The hammer came down when I received a call from the USW President, Leo Gerard, who ordered me to withdraw our petition and release the information to Bob King and his crew. We waited until the last minute to pull our petition and to have my field office present the UAW organizers to the Mexican Industries employees. It was a hard sell because of the harm the UAW inflicted on the workers during their previous two campaigns. But, we did as Gerard ordered. In essence, we handed the UAW a surefire win.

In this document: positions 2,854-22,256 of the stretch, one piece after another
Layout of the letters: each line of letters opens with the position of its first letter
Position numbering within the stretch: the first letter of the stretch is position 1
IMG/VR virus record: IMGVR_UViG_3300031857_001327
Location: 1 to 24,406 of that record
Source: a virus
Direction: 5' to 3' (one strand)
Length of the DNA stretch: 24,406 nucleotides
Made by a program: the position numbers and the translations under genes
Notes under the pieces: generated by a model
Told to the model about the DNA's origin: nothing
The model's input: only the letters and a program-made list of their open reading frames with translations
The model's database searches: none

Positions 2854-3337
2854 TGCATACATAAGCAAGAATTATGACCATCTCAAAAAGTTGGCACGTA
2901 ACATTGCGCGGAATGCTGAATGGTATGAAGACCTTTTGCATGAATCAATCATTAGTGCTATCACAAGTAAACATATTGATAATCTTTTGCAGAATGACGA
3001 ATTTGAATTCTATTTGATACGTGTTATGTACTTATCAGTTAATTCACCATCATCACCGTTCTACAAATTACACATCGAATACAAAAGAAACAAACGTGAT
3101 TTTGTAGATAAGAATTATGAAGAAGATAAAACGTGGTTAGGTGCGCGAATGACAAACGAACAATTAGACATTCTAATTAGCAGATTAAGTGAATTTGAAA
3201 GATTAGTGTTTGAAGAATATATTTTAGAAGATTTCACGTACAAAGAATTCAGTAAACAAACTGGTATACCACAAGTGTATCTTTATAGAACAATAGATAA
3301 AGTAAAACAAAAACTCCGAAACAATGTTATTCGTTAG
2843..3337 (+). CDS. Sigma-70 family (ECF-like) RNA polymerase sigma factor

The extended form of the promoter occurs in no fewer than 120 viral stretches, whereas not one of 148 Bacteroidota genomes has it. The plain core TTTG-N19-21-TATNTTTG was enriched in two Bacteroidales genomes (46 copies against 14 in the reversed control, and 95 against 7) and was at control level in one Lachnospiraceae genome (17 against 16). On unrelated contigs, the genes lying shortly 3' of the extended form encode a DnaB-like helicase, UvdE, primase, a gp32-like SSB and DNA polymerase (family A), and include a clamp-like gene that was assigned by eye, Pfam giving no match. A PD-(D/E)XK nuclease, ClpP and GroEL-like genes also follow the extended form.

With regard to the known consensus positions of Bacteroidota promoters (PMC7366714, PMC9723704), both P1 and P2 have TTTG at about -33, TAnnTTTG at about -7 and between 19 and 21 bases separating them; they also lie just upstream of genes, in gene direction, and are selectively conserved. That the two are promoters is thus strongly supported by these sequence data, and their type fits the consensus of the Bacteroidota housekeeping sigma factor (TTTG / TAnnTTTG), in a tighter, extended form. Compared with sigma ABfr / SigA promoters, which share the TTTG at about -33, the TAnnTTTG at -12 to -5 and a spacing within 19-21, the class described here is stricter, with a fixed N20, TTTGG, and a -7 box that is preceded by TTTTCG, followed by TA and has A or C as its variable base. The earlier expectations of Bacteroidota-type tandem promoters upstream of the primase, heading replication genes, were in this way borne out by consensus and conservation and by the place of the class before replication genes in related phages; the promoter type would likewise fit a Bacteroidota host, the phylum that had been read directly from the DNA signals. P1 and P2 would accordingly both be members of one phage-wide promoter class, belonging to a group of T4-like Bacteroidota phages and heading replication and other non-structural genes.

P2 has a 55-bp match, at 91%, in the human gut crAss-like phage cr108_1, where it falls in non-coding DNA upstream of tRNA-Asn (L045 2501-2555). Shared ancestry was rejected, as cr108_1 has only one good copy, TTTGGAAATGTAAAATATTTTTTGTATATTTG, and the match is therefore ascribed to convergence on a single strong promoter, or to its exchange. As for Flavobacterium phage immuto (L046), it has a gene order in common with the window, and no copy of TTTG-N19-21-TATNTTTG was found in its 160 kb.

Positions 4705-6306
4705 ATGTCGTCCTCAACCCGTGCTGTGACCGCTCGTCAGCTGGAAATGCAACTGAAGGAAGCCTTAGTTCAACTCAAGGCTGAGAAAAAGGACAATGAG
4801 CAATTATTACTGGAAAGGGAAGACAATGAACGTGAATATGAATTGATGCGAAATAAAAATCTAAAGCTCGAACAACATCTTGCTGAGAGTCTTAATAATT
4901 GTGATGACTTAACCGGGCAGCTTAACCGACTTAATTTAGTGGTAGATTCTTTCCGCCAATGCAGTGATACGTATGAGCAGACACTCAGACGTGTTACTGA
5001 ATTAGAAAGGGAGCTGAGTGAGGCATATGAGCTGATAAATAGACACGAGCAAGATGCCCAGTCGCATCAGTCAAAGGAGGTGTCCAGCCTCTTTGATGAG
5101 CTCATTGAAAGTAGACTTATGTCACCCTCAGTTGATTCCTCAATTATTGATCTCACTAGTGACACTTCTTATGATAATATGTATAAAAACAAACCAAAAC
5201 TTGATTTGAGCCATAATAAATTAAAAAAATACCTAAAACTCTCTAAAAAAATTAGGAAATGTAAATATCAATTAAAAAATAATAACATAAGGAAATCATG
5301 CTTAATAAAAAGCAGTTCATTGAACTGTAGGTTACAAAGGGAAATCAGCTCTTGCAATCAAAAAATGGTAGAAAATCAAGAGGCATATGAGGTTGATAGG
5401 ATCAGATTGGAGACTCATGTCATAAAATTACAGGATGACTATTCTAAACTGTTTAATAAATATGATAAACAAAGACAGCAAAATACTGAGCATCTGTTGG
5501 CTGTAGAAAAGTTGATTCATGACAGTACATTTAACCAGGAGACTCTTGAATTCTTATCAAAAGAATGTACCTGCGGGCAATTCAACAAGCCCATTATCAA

When I met with Bob King, Frank White and Cindy Estrada, it felt like none of them seemed to know or understand the fundamentals of organizing. They went on to win the campaign with the rented help of our Chicano Development Center organizers and negotiated a giveaway contract with Mexican Industries. The workers' support of the union failed so fast that the company felt secure enough to stop paying the dues money collected from the employees to the UAW. Mexican Industries finally failed, leaving 1,500 workers out of a job. Cindy Estrada was promoted within the UAW ranks due to the win the USW handed her on a silver platter. In fact, the UAW website lists the UAW/Mexican Industries "victory" as one of her chief accomplishments.